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The EK1

5 KAR in Abyssinia, 3rd April 1941

Though the forcing of the Awash was not a major engagement, it turned out to be one of the most successful little operations in the whole campaign, reflecting great credit upon 5 KAR and particularly on ‘D’ Company, commanded by Captain T.C.C. Lewin (King’s African Rifles Reserve of Officers).

(From page 519 of the Regimental History)

The Awash Gorge

On 2nd April 1941 as 22nd (East Africa) Brigade approached the Awash (the vernacular spelling of Auasc or Ausc is used in the gallantry citations) River, Italian troops withdrew before the British advance, and in the evening 5 KAR, the leading battalion, heard the sound of a demolition as enemy engineers dropped the road bridge 30 metres down into the river that itself was 30 metres wide; luckily this was the low-water season and the river was fordable.  The adjacent rail bridge had been dropped some time before.

Major R.A.F. Hurt commanded 5 KAR plus the following attachments:

Ø  One platoon ‘C’ Company 3 KAR (Medium Machine Guns).
Ø  One section of an Anti-Tank Battery.
Ø  One section of 22nd Mountain Battery, Indian Army.
Ø  One section of 54 Field Company, Royal Engineers.
Ø  One squadron (less one troop) East African Armoured Car Regiment.

At first light Major Hurt went forward on a reconnaissance with two platoons and a troop of armoured cars.  This drew medium machine gun fire from the enemy’s left flank but Italian positions on the right flank, although observed, remained silent.  The left flank positions were accurately registered by the mountain gunners.  The ground favoured the British medium and heavy weapons as it had forced the Italian infantrymen to site themselves well forward in order to bring fire down into the gorge.  The enemy field artillery was in Awash village to the rear, and out of sight.

The crossing operation

5 KAR patrols were sent out on a wide front to look for a crossing point, especially south of the dropped bridge where an old ford was believed to exist.  Enemy positions opened fire on the patrols but the mountain and medium machine guns hit back, causing Italian attrition.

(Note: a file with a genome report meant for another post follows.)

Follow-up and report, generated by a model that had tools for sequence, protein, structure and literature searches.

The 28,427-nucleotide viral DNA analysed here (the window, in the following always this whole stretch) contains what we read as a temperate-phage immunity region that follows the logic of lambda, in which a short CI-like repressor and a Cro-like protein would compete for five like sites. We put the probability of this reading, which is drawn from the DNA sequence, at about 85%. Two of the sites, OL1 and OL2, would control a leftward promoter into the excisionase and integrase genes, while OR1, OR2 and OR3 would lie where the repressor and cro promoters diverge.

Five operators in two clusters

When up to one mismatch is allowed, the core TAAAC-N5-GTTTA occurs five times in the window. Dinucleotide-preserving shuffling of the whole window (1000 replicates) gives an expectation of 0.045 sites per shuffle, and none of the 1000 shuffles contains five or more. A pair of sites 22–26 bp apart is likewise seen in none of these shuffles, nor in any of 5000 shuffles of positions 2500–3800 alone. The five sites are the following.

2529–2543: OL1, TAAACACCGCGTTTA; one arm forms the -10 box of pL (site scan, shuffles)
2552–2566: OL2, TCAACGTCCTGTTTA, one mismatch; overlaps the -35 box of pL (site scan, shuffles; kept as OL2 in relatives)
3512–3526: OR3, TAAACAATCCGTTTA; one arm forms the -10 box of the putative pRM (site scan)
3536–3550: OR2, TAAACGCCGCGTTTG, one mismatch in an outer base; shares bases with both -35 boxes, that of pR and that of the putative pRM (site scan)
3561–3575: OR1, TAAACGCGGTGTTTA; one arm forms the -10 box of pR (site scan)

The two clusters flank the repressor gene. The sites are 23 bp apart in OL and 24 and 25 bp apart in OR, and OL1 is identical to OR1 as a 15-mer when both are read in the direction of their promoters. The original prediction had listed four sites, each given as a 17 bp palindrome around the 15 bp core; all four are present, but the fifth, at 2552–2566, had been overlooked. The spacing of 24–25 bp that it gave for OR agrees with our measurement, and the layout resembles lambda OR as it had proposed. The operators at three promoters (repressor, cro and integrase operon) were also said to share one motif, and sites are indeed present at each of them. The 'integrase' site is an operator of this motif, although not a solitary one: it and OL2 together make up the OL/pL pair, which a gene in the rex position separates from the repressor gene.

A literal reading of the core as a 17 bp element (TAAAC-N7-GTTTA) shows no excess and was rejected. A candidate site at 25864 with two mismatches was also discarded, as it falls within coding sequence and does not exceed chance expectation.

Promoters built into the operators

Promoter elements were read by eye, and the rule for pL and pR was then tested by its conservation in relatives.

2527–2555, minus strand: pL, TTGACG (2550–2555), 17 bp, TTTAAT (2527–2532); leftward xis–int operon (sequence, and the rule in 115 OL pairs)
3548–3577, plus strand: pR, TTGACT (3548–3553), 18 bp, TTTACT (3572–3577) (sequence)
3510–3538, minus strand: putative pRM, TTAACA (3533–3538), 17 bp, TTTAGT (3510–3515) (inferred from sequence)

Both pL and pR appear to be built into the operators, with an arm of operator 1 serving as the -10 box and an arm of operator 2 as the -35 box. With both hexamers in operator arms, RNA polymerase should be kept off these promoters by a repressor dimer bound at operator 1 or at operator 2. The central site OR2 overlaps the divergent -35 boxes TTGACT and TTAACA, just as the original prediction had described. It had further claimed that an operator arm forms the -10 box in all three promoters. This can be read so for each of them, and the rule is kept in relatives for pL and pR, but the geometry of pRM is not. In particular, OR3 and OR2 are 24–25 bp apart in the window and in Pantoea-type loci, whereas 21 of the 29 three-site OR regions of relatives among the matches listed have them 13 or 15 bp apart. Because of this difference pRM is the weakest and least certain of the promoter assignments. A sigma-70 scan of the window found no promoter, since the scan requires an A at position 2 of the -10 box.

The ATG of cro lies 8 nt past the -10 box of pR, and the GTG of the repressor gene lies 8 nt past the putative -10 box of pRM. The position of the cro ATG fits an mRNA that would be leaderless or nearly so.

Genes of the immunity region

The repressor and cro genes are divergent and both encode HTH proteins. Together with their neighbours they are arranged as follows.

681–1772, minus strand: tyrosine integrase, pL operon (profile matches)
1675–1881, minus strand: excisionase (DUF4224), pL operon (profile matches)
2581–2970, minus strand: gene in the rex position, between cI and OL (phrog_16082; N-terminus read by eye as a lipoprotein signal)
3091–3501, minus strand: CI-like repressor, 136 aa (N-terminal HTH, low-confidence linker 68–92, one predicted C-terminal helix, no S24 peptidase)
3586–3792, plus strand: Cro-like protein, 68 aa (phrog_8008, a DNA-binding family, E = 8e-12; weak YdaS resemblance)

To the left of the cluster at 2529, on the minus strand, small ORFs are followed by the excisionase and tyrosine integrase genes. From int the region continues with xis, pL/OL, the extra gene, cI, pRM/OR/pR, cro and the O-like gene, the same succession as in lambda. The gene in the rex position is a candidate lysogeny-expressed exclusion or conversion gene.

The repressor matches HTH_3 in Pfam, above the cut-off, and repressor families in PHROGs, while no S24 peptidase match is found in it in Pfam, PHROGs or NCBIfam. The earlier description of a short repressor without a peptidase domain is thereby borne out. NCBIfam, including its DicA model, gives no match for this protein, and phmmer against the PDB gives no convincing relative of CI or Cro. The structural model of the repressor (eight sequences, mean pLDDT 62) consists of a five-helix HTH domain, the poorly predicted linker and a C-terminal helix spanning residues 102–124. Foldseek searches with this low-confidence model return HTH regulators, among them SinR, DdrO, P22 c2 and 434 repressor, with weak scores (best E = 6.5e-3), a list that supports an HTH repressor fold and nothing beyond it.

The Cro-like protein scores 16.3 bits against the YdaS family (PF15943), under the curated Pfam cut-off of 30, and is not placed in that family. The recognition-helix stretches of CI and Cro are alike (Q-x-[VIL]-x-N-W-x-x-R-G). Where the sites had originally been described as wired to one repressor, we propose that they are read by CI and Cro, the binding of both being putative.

‘D’ Company was tasked with crossing at the site of the dropped bridge whilst ‘B’ and ‘C’ Companies made attempts further upstream.  In the ‘D’ Company area 2nd Lieutenant R. A. Langridge’s platoon went down into the gorge where the road bridge had been whilst Lieutenant Valentine’s platoon moved towards the railway bridge; 2nd Lieutenant G.H. Howard and his Askari covered the forward platoons.  Lieutenant Ridley’s platoon was out on patrol.

Valentine was soon pinned down in the open by heavy enemy fire but the Askari returned fire well, No. 1963 Private Boiyo Arapmurgor winning a Military Medal with the citation:

For marked gallantry in Action.  At AUSC on 3rd April 1941, Private BOIYO, under heavy fire, pressed forward alone with a Bren Gun and effectively returned enemy fire.  His gallantry and initiative enabled his platoon to continue its advance.

Down in the gorge Ronald Albert Langridge, to the surprise of all, achieved his mission and the citation for his Military Cross tells how:

For conspicuous gallantry in action.  This 2nd Lieutenant at AUASC on 3 April 1941, on being ordered to cross the river and gain the heights above which were held by the enemy, he first waded the river up to his chest in water, and was swept downstream. On gaining the far side he found a safe passage for his men, got them across, and led them up the heights.

On reaching the heights the Platoon came under medium machine gun fire from both flanks. 2nd Lieutenant Langridge proceeded to deal with one part after another until he had cleared up the whole position. During this action he and his platoon were under constant medium machine gun fire, until the final post was captured.

This Officer’s fine example and coolness under fire was an inspiration to his men, and was responsible for the capture of a very strongly fortified position.

During the fighting on the west bank No. 1679 Lance Corporal Farah Isak, one of Langridge’s section commanders, was awarded a Military Medal: